Pythonista lets you organize scripts in the Script Library. There are two views to choose from: a “snippet view”, which lets you see scripts as thumbnails with a preview of the first lines of code, and a more traditional list view. Both views can be sorted by name or modified date; you can add scripts with a + button at the top and delete existing ones by tapping on the Edit button.
A downside of Pythonista is that the Script Library doesn’t offer further organizational features to better sort your scripts. You can’t create folders, and it gets pretty confusing in snippet view; for the time being, I’m using list view, but it takes time to find scripts. I would definitely welcome an option to organize scripts by category or purpose.
Due to restrictions imposed by Apple, Pythonista can’t have a sync feature to import executable code from external sources like Dropbox. You can export, but you can’t import – not even from iTunes.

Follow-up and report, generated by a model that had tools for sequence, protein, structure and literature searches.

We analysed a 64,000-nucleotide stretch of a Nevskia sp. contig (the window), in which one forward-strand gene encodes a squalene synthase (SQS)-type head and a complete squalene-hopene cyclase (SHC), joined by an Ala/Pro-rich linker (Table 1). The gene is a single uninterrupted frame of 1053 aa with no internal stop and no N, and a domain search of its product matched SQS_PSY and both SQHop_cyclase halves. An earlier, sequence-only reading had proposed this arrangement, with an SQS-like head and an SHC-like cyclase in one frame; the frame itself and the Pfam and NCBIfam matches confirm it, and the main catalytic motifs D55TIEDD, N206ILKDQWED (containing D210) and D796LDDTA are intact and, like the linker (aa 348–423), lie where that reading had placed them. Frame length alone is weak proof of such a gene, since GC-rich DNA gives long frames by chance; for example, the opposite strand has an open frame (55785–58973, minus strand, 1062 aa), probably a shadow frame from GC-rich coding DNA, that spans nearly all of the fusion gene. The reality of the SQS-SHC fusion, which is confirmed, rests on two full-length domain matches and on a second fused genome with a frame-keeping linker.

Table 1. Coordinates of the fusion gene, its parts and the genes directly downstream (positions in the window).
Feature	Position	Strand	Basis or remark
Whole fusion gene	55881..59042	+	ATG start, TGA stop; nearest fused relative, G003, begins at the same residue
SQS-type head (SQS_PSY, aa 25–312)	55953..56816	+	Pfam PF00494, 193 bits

There is, of course, a workaround. Developer Ole Zorn came up with a way to create new scripts off GitHub Gists: make sure you have a Gist URL in your clipboard, run the script, and you’ll have a new Python script in your Library. Alternatively, the Pythonista Community Forums are already filling up with ideas to simply click a bookmarklet to make the Gist importing process even easier. Overall, there’s no doubt Pythonista could use easier importing options, but unfortunately that is not allowed by Apple. Maybe someone will create a script to import a public .py file stored on Dropbox.
Personally, keeping scripts in sync between the two versions of Pythonista and my Mac (therefore Dropbox) is what makes me waste the most time in the app. There’s no way around the fact that you’ll need to organize files manually.
For someone who’s getting started with Python, Pythonista’s best feature is the in-app documentation. Available in a Help menu from the Script Library or code editor, it is based on the official Python 2.7 documentation and it has been reformatted for the iPad and Pythonista. The documentation browser has a Home button to go back to the initial screen, arrows to go back/forward, and a search box. There’s also a button to open a page’s Table of Contents and jump to a section directly, though this is only available on the iPad.